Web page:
Return on Capital Employed
Return on capital employed or ROCE is a profitability ratio that measures how efficiently a company can generate profits from its capital employed by comparing net operating profit to capital employed. In other words, return on capital employed shows investors how many dollars in profits each dollar of capital employed generates.
ROCE is a long-term profitability ratio because it shows how effectively assets are performing while taking into consideration long-term financing. This is why ROCE is a more useful ratio than return on equity to evaluate the longevity of a company.
This ratio is based on two important calculations: operating profit and capital employed. Net operating profit is often called EBIT or earnings before interest and taxes. EBIT is often reported on the income statement because it shows the company profits generated from operations. EBIT can be calculated by adding interest and taxes back into net income if need be.
Capital employed is a fairly convoluted term because it can be used to refer to many different financial ratios. Most often capital employed refers to the total assets of a company less all current liabilities. This could also be looked at as stockholders' equity less long-term liabilities. Both equal the same figure.
Return on capital employed formula is calculated by dividing net operating profit or EBIT by the employed capital.
If employed capital is not given in a problem or in the financial statement notes, you can calculate it by subtracting current liabilities from total assets. In this case the ROCE formula would look like this:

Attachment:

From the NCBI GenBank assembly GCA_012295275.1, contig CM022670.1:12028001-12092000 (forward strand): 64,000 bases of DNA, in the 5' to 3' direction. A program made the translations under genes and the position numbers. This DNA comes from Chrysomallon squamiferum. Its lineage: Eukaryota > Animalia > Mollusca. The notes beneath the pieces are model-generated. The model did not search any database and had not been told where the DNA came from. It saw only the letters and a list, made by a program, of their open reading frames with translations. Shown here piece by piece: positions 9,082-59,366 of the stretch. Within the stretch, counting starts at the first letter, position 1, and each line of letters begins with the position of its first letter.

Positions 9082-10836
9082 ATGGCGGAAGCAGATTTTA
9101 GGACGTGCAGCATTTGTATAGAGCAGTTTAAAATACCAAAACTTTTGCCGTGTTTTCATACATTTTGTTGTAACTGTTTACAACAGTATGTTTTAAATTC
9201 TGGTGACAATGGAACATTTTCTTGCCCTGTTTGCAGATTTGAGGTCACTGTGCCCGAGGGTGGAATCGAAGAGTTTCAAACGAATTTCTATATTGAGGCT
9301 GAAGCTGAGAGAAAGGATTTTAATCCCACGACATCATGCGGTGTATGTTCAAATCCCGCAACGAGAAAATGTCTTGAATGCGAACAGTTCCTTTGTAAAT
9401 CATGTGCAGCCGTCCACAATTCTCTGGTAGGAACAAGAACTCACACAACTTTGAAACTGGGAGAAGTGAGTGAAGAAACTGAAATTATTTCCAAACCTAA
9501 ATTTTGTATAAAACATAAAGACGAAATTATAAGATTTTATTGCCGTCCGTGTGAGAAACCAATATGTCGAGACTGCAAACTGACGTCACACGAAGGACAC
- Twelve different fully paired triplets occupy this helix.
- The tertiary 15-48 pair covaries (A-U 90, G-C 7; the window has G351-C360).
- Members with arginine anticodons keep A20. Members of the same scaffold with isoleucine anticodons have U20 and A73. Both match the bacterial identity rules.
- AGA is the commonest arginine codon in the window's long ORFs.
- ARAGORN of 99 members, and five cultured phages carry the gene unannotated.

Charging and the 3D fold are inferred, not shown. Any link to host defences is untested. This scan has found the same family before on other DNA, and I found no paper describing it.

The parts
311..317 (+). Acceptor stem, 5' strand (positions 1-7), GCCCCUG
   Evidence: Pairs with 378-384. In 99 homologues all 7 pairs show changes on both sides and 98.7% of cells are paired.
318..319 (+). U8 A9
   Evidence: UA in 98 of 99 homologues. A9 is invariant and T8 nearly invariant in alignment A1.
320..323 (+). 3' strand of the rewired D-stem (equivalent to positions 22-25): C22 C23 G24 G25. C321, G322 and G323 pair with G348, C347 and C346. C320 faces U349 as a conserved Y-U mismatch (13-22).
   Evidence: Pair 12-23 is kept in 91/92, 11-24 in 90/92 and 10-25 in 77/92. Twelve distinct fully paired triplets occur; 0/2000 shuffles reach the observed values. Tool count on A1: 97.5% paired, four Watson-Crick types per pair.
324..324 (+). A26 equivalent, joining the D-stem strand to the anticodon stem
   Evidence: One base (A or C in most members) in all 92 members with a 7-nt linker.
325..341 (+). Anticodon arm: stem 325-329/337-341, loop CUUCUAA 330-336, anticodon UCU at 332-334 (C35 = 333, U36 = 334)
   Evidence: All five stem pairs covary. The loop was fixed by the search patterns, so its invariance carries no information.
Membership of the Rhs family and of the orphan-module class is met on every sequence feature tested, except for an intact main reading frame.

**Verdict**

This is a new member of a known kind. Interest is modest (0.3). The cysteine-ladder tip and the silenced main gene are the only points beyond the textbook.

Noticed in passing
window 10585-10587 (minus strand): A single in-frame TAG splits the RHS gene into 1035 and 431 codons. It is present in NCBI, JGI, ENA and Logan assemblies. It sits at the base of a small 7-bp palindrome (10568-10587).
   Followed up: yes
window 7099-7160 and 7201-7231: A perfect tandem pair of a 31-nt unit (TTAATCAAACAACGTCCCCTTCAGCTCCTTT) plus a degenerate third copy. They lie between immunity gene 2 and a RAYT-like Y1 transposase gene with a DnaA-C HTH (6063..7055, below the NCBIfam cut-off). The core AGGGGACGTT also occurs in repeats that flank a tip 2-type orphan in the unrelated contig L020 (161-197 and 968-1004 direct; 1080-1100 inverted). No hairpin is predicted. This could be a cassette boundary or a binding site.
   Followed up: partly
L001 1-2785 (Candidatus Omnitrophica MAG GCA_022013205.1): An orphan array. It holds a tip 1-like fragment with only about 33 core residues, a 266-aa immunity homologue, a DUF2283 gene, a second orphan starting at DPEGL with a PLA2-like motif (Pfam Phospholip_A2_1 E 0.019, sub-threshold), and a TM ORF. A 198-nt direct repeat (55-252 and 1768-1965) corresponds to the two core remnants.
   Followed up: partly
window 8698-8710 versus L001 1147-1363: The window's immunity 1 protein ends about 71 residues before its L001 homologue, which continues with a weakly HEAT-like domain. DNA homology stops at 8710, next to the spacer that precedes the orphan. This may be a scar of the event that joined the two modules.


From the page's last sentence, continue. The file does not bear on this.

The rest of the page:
It isn't uncommon for investors to use averages instead of year-end figures for this ratio, but it isn't necessary.
The return on capital employed ratio shows how much profit each dollar of employed capital generates. Obviously, a higher ratio would be more favorable because it means that more dollars of profits are generated by each dollar of capital employed.
For instance, a return of .2 indicates that for every dollar invested in capital employed, the company made 20 cents of profits.
Investors are interested in the ratio to see how efficiently a company uses its capital employed as well as its long-term financing strategies. Companies' returns should always be high than the rate at which they are borrowing to fund the assets. If companies borrow at 10 percent and can only achieve a return of 5 percent, they are loosing money.
Just like the return on assets ratio, a company's amount of assets can either hinder or help them achieve a high return. In other words, a company that has a small dollar amount of assets but a large amount of profits will have a higher return than a company with twice as many assets and the same profits.
Scott's Auto Body Shop customizes cars for celebrities and movie sets. During the year, Scott had a net operating profit of $100,000. Scott reported $100,000 of total assets and $25,000 of current liabilities on his balance sheet for the year.
Accordingly, Scott's return on capital employed would be calculated like this:
As you can see, Scott has a return of 1.33. In other words, every dollar invested in employed capital, Scott earns $1.33. Scott's return might be so high because he maintains low assets level.
Companies with large cash reserves usually skew this ratio because cash is included in the employed capital computation even though it isn't technically employed yet.
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